This is when you should eat your lightest and heaviest meals of the day
We’ve been told to only eat carbs in the morning, or to try intermittent fasting, or to make sure we only eat certain snacks at night.
Some people say you can eat whatever you want as long as you hit around 1,200 calories a day, others say throw out calorie counting, just eat whatever you want as long as the foods are “clean.” The diets get even more crazy when you throw timing into the mix. We’ve been told to only eat carbs in the morning, or to try intermittent fasting, or to make sure we only eat certain snacks at night. It can all feel so contradictory and leave your head spinning.
While we're at it, here's another question for you: Which meal should be the smallest of the day? Are we better off eating six small, similarly-sized meals throughout each day? Is breakfast really the most important meal of the day? We’ve been told the French eat lunch as their longest and heaviest meal of the day and they look pretty great. We set out to find an absolute answer, consulting both experts and research. Here's what we found:
Have you ever had a crazy day at work that involved a skipped breakfast and skimpy leftovers at your desk? After a full day of activity and little eating, you come home completely ravenous and feel as though you could eat your entire kitchen. That pattern of consuming all your calories at night can leave you feeling awful, and for good reason, according to science.
According to one study, those who eat most of their calories in the evening hours, during a delayed lunchtime of approximately 4 p.m., may have poor blood sugar metabolism, which could over time lead to insulin resistance issues and weight gain.
Another study published in Pharmacological Research found that participants who ate more calories at breakfast experienced greater weight loss than those who ate the majority of their calories at dinner. Researchers concluded from the observational study that there was a “negative impact of later meal timing and calories distribution on body weight and metabolism.”
Additionally, many reviews suggest that “light” and “heavy” meals can be categorized beyond mere calorie count. One review suggests that consuming 20 to 40 grams (where you fall in the range depends on weight) of high-quality protein every three to four hours is the most supportive of muscle protein synthesis, a process that aids in muscle repair and growth. Additionally, this type of eating promoted improved body composition. As we’ve learned before, a body composed of more muscle and less fat is more likely to have a higher metabolism, which would help with weight loss.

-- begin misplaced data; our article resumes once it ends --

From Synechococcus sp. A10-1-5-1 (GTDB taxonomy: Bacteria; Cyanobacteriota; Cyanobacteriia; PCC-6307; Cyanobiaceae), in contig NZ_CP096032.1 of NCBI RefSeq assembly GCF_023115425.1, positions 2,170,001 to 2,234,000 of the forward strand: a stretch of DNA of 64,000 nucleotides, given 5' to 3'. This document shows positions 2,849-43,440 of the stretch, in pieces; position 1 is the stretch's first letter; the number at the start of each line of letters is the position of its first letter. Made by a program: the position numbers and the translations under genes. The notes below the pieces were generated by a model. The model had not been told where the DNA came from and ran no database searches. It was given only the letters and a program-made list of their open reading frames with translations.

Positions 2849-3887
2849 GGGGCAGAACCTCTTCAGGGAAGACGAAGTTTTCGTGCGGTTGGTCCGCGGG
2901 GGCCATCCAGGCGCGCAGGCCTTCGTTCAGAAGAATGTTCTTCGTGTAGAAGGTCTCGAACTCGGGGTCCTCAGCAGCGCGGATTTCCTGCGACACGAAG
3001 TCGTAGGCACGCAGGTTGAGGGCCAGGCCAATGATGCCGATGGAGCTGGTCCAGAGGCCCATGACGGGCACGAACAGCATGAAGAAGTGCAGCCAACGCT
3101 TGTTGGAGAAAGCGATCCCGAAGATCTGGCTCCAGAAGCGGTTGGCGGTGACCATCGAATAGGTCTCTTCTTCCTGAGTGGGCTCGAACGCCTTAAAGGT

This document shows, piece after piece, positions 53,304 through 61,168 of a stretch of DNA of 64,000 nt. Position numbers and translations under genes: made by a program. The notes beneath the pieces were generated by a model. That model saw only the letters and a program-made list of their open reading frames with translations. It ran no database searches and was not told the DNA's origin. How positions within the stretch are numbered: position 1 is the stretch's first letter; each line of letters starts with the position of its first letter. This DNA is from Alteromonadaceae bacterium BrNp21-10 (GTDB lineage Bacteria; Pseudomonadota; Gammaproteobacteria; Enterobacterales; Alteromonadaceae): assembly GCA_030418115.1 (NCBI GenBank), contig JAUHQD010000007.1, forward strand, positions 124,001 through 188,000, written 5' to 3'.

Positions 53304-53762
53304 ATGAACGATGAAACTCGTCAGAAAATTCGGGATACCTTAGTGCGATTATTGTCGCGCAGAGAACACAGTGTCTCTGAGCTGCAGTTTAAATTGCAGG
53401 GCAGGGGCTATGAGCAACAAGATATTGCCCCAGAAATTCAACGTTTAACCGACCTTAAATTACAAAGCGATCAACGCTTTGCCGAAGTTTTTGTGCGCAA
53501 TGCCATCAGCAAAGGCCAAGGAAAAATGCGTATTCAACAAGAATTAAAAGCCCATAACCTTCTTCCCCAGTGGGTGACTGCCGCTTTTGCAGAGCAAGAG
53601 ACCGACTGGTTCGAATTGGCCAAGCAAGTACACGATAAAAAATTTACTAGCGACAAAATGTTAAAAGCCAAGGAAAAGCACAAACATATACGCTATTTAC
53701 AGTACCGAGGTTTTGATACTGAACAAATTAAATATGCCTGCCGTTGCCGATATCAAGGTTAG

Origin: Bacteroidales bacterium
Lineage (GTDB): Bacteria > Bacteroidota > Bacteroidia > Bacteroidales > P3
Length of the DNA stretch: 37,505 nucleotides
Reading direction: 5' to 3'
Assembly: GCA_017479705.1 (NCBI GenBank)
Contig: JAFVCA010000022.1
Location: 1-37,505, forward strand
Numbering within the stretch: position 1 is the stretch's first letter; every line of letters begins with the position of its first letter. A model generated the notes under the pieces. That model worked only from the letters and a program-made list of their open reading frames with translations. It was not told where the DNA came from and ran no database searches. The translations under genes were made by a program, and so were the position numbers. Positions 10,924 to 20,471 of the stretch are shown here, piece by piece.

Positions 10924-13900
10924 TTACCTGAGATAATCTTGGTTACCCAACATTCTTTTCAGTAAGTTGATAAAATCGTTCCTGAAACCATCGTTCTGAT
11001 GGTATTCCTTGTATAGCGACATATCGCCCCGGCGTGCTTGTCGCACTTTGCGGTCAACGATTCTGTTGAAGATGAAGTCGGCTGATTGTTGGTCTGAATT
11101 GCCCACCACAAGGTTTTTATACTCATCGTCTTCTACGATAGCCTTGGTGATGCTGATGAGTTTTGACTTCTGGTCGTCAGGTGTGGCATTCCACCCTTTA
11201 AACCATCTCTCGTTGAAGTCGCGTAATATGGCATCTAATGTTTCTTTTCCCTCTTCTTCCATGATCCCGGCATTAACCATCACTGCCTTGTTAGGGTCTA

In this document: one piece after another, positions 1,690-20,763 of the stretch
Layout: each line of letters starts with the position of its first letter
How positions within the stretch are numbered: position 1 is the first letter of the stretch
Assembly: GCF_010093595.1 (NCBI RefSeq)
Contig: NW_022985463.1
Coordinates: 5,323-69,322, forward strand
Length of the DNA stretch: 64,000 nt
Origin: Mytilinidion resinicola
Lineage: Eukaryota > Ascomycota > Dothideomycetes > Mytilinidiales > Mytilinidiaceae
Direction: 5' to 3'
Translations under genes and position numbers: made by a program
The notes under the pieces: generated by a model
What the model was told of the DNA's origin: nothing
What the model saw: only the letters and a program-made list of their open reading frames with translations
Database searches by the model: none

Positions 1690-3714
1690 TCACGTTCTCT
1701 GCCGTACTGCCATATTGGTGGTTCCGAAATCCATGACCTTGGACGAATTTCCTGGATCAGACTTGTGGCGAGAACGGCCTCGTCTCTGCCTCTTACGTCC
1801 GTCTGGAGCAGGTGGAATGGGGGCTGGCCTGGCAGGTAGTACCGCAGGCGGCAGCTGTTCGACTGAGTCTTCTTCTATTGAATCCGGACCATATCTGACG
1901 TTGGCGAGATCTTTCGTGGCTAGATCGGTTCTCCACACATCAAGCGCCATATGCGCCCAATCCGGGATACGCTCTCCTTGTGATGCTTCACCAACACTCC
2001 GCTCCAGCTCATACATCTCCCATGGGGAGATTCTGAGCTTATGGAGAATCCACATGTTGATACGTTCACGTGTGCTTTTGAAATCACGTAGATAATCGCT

This sentiment was echoed in a study from the journal Steroids that suggested your “heavy” meal of breakfast should contain both protein and carbohydrates in order to support a healthy weight.
“I think the rule to follow is that your heavier, in terms of caloric value, should be prior to the most active times of your day so you have energy for your workout or whatever your activity is,” says Albert Matheny, R.D., C.S.C.S, nutritional advisor to Promix Nutrition and co-founder of SoHo Strength Lab. “The lightest meal of the day should be when you are the least active, for most people this is dinner before bed.”
The reasoning behind this is that food is designed to give you energy, he says. This energy can be used to fuel activity or recovery from activity (muscular repair and/or muscle glycogen replenishment). However, if you eat in excess of these needs, it will only result in an increase in your blood sugar and then excess calories will be stored as fat, he says.
Agreeing with the research, Matheny says that it’s extra important to make sure you are consuming enough protein post-workout to keep your metabolism functioning well and aid in muscle recovery, as these are keys to long-term health and weight maintenance/loss.
“I never like to say that there are really any strict rules to eating including timing of meals and what to eat when,” says Jaime Mass, R.D. “However, there is certainly some interesting and fairly strong science to consider when it comes to portion control, meal size, nutrient intake and time of day.”
Based on scientific research, it’s wise to consume the majority of your calories earlier throughout the day, she says. This is not to suggest eating only before a certain time or to stop eating after half the day has passed, but rather to eat meals that are increasingly less calorie dense as the day goes on. That doesn’t mean you can’t have your dark chocolate in the evening—you should if you want it—but it’s how much you consume that makes the difference.
Of course you should listen to your body and eat when you’re hungry, but research and experts agree that eating a huge meal right before bed doesn’t make much sense since your body won’t be burning anything off while you’re sleeping. Instead, stick to nutritionally balanced meals that get smaller as your activity level lessens.
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